We didn’t know what Capt. Nordeen’s itinerary was after he left the ship, but he was ordered to Athens, Greece to attend to his brother’s remains, take care of affairs, and then act as the escort for his brother coming back home. They moved him with the speed of heat. He didn’t have a lot of time; I don’t think he was even allowed to return home. He lived up in Novato, north of the Golden Gate Bridge, at an old Air Force Base that had been used for military housing, and he had one of the captain’s quarters. I don’t remember that he even returned to his home. He was flown in working khakis, as I recall, all of the way to Athens. After he left, the extraordinary concern was that the didn’t have his uniform; he wasn’t ready to participate in the kinds of ceremonies that he was about to be called upon to do. He might have had a set of service dress whites, but we were very concerned about the skipper and what he and his family would need as he was flown without notice to Athens and returned home to Dover Air Force Base for the reception ceremony and eventual interment procession and protocols followed at a military funeral.
So the thought we had was that the skipper was going to need support; so was his family. It was Mark Collins, our HM1, First Class Petty Officer, who said, “We need to do something about this,” and that word spread rather quickly. That’s where the notion began to build throughout the crew that we would send a contingent to the East Coast, to Arlington National Cemetery, the last resting place for William Edward Nordeen. He is buried in General Plot 7 Bravo, a very feet from the Tomb of the Unknowns. He’s buried there next to Pappy Boyington about whom there was a television show, “Baa Baa Black Sheep,” about his history, who was a Marine Corps fighter pilot in World War II. Pappy Boyington died in 1988. Joe Louis is buried very close to where William Edward Nordeen is buried right now. It’s a place of high honor.
Capt. William Edward Nordeen was buried on July 6, 1988.
So we put together a contingent of people. We had four women from the wives of our crewmen, of which one was my wife; and six sailors who we were allowed to send, because the ship was still going through refresher training. We couldn’t send just anybody. We had to be very careful about who we sent because we had to fight the ship in a battle problem. That’s how the funeral trip came about, and the ship approved $10,600 and change for the six crewmen and four wives. We sent one female for each one of the women in the Nordeen family. So there were our captain’s wife, the deceased Captain Nordeen’s wife; and the daughter, The mother of the two men was there from Wisconsin. So there were four women in the Nordeen family, and we sent four female escorts to be with them at this very tragic time in their lives and as a show of support from our ship and, if you want to know the truth, from the United States Navy. These are the kinds of honors and respects that we pay one another.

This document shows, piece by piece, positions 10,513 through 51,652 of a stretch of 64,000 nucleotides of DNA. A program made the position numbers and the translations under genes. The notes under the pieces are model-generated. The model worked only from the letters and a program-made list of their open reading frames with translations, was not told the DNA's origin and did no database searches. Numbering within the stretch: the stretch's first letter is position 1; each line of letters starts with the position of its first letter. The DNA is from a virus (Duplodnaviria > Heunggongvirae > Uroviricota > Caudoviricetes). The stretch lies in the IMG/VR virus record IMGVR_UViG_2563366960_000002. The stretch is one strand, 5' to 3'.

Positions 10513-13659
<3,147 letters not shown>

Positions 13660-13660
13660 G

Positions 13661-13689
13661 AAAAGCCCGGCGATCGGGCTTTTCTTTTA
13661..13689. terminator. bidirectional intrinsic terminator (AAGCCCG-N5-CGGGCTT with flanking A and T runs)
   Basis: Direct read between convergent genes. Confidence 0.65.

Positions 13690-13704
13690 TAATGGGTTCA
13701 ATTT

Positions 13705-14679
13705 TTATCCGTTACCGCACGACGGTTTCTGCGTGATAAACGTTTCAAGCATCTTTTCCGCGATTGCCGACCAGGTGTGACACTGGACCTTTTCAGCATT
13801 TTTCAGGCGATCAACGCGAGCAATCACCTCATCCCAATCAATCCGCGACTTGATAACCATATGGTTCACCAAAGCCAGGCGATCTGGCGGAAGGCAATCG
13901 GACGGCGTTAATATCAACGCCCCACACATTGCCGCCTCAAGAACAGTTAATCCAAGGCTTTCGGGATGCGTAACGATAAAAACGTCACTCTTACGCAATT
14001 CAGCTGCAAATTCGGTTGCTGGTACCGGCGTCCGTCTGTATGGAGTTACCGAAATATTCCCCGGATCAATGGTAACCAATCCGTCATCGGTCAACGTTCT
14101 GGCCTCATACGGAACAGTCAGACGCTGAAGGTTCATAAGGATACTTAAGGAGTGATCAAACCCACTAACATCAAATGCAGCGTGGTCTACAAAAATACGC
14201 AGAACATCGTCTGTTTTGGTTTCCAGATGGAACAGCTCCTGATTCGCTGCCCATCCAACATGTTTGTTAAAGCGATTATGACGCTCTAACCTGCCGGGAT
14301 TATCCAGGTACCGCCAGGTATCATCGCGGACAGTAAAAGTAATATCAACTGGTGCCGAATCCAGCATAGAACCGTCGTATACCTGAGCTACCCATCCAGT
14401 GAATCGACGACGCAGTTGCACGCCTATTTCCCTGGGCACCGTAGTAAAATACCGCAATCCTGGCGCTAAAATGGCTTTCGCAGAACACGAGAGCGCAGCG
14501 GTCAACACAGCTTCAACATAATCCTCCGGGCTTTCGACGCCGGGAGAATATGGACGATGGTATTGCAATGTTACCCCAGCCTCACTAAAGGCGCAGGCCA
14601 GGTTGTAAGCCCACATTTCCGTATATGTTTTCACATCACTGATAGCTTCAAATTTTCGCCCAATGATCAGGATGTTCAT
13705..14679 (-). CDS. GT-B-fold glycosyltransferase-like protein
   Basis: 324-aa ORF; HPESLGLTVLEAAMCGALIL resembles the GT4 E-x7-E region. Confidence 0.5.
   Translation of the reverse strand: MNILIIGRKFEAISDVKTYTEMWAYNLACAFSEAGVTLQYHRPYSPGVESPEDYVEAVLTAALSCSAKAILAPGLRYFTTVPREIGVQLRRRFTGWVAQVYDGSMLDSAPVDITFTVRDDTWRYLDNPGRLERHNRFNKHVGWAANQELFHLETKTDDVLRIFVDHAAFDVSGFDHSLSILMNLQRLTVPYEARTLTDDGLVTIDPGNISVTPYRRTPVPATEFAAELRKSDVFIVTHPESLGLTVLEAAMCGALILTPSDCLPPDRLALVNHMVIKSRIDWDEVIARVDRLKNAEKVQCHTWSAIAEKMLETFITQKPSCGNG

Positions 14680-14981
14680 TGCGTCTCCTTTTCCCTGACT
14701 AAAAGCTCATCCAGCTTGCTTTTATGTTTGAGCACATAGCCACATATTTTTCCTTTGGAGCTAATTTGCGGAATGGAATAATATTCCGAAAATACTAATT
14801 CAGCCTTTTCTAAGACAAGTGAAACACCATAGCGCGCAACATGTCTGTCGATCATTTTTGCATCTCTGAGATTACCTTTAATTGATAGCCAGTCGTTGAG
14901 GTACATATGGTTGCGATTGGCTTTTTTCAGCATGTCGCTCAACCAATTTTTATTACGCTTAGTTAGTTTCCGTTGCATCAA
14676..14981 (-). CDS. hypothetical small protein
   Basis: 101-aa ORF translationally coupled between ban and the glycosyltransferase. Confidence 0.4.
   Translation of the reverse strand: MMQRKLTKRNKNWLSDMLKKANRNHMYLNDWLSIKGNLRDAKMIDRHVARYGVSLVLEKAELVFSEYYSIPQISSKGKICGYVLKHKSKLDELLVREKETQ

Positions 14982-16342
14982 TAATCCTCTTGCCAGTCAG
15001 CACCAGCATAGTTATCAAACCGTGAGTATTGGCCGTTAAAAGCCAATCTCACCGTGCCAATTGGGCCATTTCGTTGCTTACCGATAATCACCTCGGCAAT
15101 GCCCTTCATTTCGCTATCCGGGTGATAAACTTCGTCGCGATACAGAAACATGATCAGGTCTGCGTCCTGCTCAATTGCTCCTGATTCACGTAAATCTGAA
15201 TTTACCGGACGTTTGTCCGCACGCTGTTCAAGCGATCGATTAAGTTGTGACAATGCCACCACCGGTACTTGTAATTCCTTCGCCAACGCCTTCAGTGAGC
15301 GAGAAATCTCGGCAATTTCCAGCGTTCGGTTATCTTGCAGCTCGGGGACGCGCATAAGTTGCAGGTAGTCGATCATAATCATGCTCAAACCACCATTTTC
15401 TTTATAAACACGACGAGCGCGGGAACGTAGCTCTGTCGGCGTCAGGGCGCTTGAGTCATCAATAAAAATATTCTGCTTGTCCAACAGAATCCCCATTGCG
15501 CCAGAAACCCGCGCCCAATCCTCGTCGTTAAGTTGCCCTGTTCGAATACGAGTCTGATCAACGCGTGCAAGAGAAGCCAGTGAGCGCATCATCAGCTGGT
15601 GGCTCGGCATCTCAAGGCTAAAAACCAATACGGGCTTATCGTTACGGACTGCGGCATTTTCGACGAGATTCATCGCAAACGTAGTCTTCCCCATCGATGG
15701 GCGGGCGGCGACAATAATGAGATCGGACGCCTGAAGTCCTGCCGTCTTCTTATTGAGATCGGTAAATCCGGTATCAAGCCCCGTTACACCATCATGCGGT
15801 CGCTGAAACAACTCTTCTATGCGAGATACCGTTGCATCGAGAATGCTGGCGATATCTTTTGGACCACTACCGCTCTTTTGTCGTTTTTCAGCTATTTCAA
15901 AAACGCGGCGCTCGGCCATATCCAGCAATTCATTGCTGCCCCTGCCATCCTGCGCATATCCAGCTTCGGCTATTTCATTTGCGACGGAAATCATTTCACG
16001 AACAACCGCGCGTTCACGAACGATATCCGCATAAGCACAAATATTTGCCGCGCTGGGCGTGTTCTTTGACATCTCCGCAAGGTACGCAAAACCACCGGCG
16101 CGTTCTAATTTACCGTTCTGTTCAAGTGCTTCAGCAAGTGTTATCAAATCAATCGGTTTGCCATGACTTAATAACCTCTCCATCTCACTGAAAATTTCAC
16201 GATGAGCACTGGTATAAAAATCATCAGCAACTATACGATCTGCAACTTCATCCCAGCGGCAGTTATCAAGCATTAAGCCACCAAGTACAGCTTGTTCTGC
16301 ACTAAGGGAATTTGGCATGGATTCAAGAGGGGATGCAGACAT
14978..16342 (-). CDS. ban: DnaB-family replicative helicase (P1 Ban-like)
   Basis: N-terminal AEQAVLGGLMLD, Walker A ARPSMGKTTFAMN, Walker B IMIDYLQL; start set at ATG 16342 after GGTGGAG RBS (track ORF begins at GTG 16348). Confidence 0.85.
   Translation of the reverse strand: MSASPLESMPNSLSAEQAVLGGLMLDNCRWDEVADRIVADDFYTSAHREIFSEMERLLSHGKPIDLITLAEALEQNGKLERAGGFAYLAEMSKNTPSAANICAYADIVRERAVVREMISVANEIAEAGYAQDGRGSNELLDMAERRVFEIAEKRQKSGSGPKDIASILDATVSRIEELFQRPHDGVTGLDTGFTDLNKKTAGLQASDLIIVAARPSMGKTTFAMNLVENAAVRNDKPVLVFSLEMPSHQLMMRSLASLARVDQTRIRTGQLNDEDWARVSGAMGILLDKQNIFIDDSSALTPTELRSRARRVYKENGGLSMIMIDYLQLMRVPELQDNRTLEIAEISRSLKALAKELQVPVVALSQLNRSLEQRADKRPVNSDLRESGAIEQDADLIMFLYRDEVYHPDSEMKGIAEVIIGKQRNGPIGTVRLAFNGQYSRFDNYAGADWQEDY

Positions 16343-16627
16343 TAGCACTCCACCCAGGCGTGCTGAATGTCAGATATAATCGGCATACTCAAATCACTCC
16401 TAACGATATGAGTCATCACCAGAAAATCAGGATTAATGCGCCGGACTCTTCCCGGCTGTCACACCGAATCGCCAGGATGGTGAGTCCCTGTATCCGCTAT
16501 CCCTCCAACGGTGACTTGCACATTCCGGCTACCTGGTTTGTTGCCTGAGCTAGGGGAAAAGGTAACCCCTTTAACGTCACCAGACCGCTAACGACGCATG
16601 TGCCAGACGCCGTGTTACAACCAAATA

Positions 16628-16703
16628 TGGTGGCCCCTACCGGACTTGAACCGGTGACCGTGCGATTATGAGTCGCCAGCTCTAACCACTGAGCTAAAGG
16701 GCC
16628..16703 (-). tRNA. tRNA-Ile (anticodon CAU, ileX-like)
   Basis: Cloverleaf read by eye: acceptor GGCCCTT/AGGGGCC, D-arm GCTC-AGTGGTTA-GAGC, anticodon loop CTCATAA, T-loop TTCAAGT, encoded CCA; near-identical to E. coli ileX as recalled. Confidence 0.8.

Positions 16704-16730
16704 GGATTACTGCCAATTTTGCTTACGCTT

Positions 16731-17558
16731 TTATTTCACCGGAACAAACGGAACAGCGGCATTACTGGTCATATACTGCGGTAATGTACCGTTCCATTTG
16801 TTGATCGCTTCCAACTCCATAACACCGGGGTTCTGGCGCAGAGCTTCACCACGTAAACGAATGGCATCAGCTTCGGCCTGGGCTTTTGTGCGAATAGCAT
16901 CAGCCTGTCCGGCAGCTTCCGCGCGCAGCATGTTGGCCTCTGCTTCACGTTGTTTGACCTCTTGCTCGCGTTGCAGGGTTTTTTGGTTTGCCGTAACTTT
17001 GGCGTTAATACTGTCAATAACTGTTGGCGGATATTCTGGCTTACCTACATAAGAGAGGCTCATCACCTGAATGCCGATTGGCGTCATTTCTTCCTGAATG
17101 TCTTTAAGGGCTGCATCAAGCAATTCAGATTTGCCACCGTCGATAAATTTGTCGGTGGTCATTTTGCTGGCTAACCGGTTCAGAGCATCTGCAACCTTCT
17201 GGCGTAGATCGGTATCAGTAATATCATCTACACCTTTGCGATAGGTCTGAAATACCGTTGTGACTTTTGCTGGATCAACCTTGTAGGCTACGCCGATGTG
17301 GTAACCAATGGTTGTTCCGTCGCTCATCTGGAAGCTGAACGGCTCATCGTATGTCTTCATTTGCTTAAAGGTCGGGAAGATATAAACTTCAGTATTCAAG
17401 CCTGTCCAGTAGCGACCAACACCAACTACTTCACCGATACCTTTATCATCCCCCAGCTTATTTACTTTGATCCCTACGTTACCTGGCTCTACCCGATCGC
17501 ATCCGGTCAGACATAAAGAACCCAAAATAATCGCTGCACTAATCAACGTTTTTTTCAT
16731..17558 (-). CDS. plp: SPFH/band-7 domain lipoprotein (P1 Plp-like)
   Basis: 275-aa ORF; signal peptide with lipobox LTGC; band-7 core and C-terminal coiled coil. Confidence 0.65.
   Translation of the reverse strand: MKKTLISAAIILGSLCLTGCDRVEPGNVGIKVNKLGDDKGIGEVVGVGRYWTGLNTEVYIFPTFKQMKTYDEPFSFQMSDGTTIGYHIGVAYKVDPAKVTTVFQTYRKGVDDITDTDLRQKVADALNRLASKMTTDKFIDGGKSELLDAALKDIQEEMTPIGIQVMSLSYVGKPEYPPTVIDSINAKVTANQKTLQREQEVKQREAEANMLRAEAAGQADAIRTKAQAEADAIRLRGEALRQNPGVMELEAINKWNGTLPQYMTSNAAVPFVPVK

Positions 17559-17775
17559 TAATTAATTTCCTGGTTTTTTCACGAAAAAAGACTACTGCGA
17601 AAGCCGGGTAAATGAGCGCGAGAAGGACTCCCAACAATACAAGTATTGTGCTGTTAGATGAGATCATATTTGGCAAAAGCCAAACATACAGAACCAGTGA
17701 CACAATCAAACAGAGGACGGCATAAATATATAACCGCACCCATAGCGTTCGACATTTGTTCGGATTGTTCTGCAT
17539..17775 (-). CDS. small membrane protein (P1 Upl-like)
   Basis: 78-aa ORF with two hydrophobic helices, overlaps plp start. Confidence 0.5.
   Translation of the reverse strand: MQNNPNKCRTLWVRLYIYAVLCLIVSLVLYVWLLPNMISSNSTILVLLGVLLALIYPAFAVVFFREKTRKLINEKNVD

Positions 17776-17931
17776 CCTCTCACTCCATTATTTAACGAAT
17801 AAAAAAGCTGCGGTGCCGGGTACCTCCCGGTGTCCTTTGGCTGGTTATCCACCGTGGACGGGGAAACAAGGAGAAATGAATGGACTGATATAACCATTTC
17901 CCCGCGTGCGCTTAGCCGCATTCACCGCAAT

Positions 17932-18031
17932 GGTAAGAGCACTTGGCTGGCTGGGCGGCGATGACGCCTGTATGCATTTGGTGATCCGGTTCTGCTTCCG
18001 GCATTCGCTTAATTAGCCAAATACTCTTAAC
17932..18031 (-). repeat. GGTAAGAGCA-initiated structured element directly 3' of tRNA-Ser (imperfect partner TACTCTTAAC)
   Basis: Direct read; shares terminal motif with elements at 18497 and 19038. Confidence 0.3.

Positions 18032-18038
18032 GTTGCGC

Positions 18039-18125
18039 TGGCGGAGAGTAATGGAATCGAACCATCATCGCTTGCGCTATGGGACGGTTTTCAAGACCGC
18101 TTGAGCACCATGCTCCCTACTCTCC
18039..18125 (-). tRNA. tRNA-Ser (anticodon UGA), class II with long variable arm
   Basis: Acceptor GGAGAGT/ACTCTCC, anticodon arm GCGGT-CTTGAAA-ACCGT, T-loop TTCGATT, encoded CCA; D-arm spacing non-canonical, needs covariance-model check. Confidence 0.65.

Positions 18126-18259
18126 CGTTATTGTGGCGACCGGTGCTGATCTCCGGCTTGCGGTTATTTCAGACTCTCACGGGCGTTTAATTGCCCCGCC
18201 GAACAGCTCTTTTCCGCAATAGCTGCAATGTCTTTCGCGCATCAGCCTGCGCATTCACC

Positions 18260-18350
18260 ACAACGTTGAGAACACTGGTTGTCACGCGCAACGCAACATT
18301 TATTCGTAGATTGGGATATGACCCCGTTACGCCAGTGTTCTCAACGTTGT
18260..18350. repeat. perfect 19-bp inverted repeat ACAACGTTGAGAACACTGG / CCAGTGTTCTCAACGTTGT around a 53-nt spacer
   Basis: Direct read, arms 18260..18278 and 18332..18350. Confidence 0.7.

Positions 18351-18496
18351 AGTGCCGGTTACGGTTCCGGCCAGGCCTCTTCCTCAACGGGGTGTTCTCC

Mike Nordeen returned to the ship while we were still in refresher training, all within about two weeks. He was on the bridge of the ship as we sailed out of San Diego Harbor to return home to San Francisco Naval Supply in Oakland. The ship performed magnificently; we did a super job.
This is what began the saga for CDR Walt Fitzpatrick as it goes to the court-martial. It was 14 months after all of this took place that the new admiral, John Bitoff, who had relieved Bob Toney, came after me and used his Staff Judge Advocate, Tim Zeller, and then he appointed my defense counsel, Kevin Anderson. That trio set up a court-martial against me and came after me because John Bitoff was a political admiral and saw to it that I was to be removed from the Navy. He didn’t like me; he saw me as a threat because of what I might do as a whistleblower and the positions he saw me ascending to. That’s what began the whole court-martial thing. The court-martial was rigged, and you know all the rest of that story. He said that I had stolen the money that was used for the funeral trip to send people to honor Capt. William Nordeen as he was being recognized as a hero, as he should have been properly recognized…That’s what John Bitoff did. That’s how my court-martial came about.